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For Your Well Being: Spotlight on Diabetes

Aug 9, 2007, Vol. V Issue 16

Dear Friends,

Summer is a busy time for those of you still planning fall events and going into planning for 2008. Yet it’s a slow time for actual events. So, in the next few issues, I thought I’d take this opportunity to highlight a few speakers we’ve added to our website. Due to increasing interest and demand, we’re expanding our diabetes, heart health, nutrition and cancer event speakers, along with my favorite category of women’s health/humorous motivational speakers. Also, I have a huge backlog of more speakers I’m getting ready to add, so please give us a call or email if you’re looking for something or someone and don’t see it on our website. We just may have the answer and haven’t posted it yet. As always, I don’t post a speaker until I’ve checked them out thoroughly, and preferably, experienced them personally. I’m really picky, because I know you are, too.

Meantime, it’s time for a nature break.  I’m off to the woods next week for vacation!

 

Neal Barnard, MD:

Reversing Diabetes

It’s no secret. Diabetes is a life-threatening disease reaching epidemic levels around the world. More than 20 million Americans have type 2 diabetes; worldwide about 200 million people suffer from it. And, in recent years, because of obesity and terrible eating habits, a surprising number of our nation’s children are being diagnosed with it – although, up until now, it has always been seen as an adult disease.

A diagnoses of type 2 diabetes is often a grim precursor to heart disease, kidney failure, stroke, nervous system damage and other life-threatening complications. This risk of premature death among people with diabetes is about twice that of people without the disease.

Nutrition researcher Neal Barnard, MD, says it doesn’t have to be that way. In his book, Dr. Neal Barnard’s Program for Reversing Diabetes, based on his recently published research, he explains that many of the people suffering from diabetes could dramatically improve their condition, not just manage it as most treatment programs aim to. The book, published in January 2007 by Rodale, is based on clinical research Dr. Barnard conducted with George Washington University and the University of Toronto. That study, published in the August 2006 issue of “Diabetes Care,” was funded by The National Institutes of Health.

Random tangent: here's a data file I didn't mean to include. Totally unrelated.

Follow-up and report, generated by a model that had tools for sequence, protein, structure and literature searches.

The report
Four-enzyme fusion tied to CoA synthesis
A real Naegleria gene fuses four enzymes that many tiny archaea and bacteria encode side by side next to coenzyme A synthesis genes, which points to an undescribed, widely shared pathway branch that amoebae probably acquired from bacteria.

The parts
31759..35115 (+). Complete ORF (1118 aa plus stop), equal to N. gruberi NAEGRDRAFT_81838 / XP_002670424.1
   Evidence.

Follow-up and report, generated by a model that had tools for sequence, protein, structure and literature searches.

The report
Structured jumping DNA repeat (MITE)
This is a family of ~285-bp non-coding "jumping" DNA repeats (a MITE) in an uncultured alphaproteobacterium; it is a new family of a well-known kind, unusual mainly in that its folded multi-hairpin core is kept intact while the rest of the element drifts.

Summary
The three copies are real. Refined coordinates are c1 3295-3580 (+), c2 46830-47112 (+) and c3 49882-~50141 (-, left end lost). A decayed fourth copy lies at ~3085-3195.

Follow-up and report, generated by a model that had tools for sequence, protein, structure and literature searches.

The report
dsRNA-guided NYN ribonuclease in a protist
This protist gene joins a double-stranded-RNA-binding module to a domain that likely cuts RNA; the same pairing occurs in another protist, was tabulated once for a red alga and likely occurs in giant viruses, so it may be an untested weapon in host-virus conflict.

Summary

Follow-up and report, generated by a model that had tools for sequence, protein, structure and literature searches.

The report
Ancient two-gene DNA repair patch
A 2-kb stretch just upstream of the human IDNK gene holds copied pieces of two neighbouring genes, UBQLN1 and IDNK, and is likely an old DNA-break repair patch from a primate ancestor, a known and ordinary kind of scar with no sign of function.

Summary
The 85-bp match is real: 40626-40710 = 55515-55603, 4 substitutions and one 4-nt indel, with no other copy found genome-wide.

“Many people who have diabetes assume it is something that they just have to live with, a serious problem that will inevitably get worse,” Dr. Barnard says. “My book describes a completely new approach to treating diabetes – one that focuses on reversing the disease, rather than just managing it. The program is based on a simple set of diet changes – a delicious low-fat vegan diet that focuses on vegetables, legumes, grains, and fruits and omits animal products and added vegetable oils. It also favors foods with a low-glycemic index, such as pasta, that have less effect on blood sugar. Unlike other diets, this program doesn’t demand that the individual limit carbs, count calories, or stick to small portions. In fact, patients can eat as much as they want.”

Now this may seem like unlikely advice from a man whose grandfather was a cattle rancher. “I was raised in North Dakota on daily dinners of roast beef, baked potato and corn,” he says. It was an experience in the year before he took off for medical school that set him on the path to vegetarianism.

“I worked as an assistant in a morgue. One day I had to prepare a cadaver for examination. It was a heart attack victim. I cut in and removed a section of ribs. The pathologist opened the heart and showed me the arteries clogged with fatty deposits. At the end, I had to put the ribs back into his chest and sew everything closed. Later that day I went to the cafeteria and they were serving ribs for lunch. They were so similar to the human ribs that I couldn’t eat them. I didn’t become a vegetarian that day, but it did have an effect.

“Once I founded the Physicians Committee for Responsible Medicine (PCRM), I had the opportunity to begin conducting clinical research studies, looking at how the right food can help reverse different health problems. Diabetes is one of the diseases that is clearly affected by lifestyle. And I have a special interest in diabetes because my father Donald M. Barnard, MD, was the diabetes expert in his Midwest community.”